Jefferson Lab Weekly Briefs

August 19, 2009

12 GeV Upgrade

Construction of the Hall D Barrel Calorimeter detector is underway at the University of Regina in Saskatchewan, Canada. Production shipments of the Kuraray scintillating fibers are arriving according to schedule, and the first shipment of lead has been received and passed acceptance tests. Procedures for fabrication of the first article construction module have been finalized, and the base lead layer has been successfully glued to the aluminum base plate.

Accelerator

The Scheduled Accelerator Down ended on Aug. 17, with a lot of work done. Ops restored 5.97 GeV accelerator operation successfully over the weekend. Continuous wave beam (5 μA) was established to the beam switchyard dump. On Monday, the accelerator was scaled down to 5.764 GeV.

Free-Electron Laser

The FEL team had a successful week of operation devoted to beam measurements and optics characterization. Staffers also did some preparation for user runs on the Light Pseudoscalar and Scalar Search experiment by providing alignment beam to several labs and operating at secondary wavelengths.

Theory Center

A fully relativistic calculation of the polarized 2H(e,e'p)n reaction has just been performed <arXiv:0907.3712 [nucl-th]> at large Q2 in the impulse approximation, employing the Gross equation to describe the deuteron ground state and the SAID parametrization of the full nucleon-nucleon scattering amplitude to describe the final state interactions. The target spin asymmetries are shown to be sensitive to the full spin structure of the final state interaction. The results of this calculation are being used in support of the JLab E93-009 experiment in Hall B (EG1 run group).

JLab's Safety Numbers

35 Days since Last Recordable Accident (JLab record: 331)
343 Days since Last Lost Workday Accident (JLab record: 676)

JLab Calendar of Events

Aug. 19: Jefferson Activities Group Luau
Aug. 19-21: GPUs for Lattice QCD Workshop
Aug. 26: Colloquium and Public Lecture
Aug. 27: Safety Shoe Vendor onsite
Sept. 2: EAP Seminar: Stretching Your Dollar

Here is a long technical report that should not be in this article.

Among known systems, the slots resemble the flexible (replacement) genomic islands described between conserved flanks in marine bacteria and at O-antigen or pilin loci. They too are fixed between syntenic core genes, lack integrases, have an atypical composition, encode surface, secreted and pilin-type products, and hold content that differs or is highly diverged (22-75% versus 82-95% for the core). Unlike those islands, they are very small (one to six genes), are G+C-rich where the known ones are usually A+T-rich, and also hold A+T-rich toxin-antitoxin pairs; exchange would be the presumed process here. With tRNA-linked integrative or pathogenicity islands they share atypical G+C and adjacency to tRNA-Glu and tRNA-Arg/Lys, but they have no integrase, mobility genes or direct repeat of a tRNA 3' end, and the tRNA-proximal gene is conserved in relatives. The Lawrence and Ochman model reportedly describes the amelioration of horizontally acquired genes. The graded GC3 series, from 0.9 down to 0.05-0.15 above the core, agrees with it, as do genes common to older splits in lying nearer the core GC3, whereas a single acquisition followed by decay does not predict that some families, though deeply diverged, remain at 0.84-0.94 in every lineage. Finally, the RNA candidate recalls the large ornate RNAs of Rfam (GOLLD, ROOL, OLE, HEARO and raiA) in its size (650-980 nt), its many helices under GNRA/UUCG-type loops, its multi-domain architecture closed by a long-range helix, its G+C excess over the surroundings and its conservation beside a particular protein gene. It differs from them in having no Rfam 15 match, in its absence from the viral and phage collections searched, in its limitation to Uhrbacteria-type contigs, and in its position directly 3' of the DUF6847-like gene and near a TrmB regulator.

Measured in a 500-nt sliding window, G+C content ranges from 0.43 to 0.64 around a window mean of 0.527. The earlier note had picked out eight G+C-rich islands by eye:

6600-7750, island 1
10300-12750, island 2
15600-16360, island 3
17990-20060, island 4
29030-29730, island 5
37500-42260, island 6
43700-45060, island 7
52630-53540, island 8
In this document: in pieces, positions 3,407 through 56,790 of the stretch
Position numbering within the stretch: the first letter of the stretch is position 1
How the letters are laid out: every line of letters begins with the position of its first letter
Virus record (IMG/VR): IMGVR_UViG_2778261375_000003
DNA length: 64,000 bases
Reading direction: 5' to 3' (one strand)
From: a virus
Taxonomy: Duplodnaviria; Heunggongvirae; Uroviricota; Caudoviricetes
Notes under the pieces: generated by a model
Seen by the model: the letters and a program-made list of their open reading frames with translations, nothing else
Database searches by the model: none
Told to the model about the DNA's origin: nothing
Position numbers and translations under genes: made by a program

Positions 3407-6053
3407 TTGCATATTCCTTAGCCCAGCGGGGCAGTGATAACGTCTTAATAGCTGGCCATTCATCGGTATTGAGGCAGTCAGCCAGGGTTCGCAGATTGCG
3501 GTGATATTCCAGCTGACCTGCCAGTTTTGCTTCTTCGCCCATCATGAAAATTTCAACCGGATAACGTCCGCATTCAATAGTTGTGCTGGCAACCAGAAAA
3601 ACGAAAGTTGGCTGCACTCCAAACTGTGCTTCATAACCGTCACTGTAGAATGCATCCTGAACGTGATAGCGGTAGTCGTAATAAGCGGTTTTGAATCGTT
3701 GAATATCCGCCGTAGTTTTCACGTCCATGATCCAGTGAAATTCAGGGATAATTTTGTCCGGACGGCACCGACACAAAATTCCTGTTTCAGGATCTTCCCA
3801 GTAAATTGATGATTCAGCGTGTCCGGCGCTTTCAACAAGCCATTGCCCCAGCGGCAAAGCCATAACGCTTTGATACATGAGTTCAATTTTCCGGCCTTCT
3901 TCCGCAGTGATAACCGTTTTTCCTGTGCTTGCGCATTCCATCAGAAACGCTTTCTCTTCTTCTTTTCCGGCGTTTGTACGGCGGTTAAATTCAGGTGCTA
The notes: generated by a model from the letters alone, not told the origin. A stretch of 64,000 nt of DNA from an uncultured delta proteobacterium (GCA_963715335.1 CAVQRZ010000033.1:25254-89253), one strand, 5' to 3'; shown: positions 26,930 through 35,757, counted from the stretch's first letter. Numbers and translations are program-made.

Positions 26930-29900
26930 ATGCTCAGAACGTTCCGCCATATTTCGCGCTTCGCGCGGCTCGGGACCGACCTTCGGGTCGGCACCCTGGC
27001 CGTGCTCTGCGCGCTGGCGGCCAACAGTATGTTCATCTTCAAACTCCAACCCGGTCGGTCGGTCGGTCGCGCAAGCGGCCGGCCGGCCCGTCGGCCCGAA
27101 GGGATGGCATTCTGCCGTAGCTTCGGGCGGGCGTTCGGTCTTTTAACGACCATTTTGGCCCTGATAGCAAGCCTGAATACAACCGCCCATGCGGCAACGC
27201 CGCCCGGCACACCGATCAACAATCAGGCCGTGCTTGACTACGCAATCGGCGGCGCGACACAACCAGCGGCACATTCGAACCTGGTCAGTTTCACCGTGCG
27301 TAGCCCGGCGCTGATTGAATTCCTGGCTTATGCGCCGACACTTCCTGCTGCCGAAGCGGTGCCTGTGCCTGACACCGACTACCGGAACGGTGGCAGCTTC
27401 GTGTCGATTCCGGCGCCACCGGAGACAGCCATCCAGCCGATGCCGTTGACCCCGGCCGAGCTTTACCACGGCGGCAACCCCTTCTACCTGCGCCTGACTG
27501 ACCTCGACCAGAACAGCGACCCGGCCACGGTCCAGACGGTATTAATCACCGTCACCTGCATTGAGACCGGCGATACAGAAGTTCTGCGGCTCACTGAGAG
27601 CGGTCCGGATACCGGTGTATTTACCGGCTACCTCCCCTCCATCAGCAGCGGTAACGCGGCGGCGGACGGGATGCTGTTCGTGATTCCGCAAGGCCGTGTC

Sept. 7: Labor Day holiday
Sept. 17: JSA's Electronic Commerce Vendor Show

 

 

 

Environment, Safety, Health & Quality

Excessive heat exposure caused 8,015 deaths in the U.S. from 1979-2003. More people died from extreme heat in this period than from hurricanes, lightning, tornadoes, floods and earthquakes combined.

People suffer heat-related illness when their bodies can't properly cool themselves. The body normally cools itself by sweating; under some conditions, sweating isn't enough. As a person's body temperature rapidly rises, damage can occur to the brain and other vital organs.

To protect your health when temperatures are extremely high, remember to keep cool, use common sense and use the following tips:

  • Avoid hot foods and heavy meals—they add heat to your body.
  • Drink plenty of fluids and replace salts and minerals in your body. Do not take salt tablets unless under medical supervision.
  • Dress infants and children in cool, loose clothing and shade their heads and faces with hats or an umbrella.
  • Limit sun exposure during mid-day hours and in places of potential severe exposure such as beaches – use sunscreen.
  • Protect those at risk: keep infants and the elderly in air-conditioned spaces; do not leave infants, children, or pets in a parked car.
  • Provide plenty of fresh water for your pets, and leave the water in a shady area.
  • Monitor those at high risk and use a buddy system when prudent.
  • Know the symptoms of heat disorders and overexposure to the sun, and be ready to give first aid treatment or call 911.

For more information, visit the Centers for Disease Control "Extreme Heat" website.

Computing and Networking Infrastructure

Helpdesk Summer Hours Ending
The IT Division Helpdesk will be closing in the afternoons starting on Monday, Aug. 24. After that date, the Helpdesk will be open from 8 a.m. until noon, Monday through Friday.

Announcements

Nuclear and Particle Physics at the Spallation Neutron Source
Dr. Geoff Greene, University of Tenn. and Oak Ridge National Lab, will present this colloquium and public lecture in the CEBAF Center auditorium at 4 p.m. on Wednesday, Aug. 26.

Register for a Personal Finance Lunchtime Seminar: Stretching Your Dollar
This bring-your-own-lunch seminar will take place in CEBAF Center room F113, noon-1 p.m. on Wednesday, Sept. 2. It offers tips and techniques on how to save money, no matter how much you make! It will offer useful short and long-term savings options and insightful ideas on how to make effective decisions about tracking and spending your money. Make a budget and make a difference. Facilitated by Optima's Employee Assistance Program. Registration is required due to limited space. To sign up, contact Betty Beeler (beeler@jlab.org) x6999 or Bruce Ullman (ullman@jlab.org) x7170.

Public Tours Briefly Suspended
Due to the experiment schedule and a number of tours scheduled in conjunction with upcoming reviews, Public Affairs has suspended general and public tours for the remainder of August and the month of September. Public tours will resume in October. Campus drive-through tours will still be available as needed on new employee orientation dates.

Remembering Camille 40 Years Later
Hurricane Camille was a Category 5 hurricane when it flattened the Mississippi Gulf Coast on this day in 1969. Several days later, although the storm had weakened to a tropical depression, it wreaked havoc on communities in Virginia with 27 inches of rain and contributing to 153 deaths in Virginia (256 total). The storm led to the creation of what is now known as the Virginia Department of Emergency Management. Read more about this natural disaster on PilotOnline.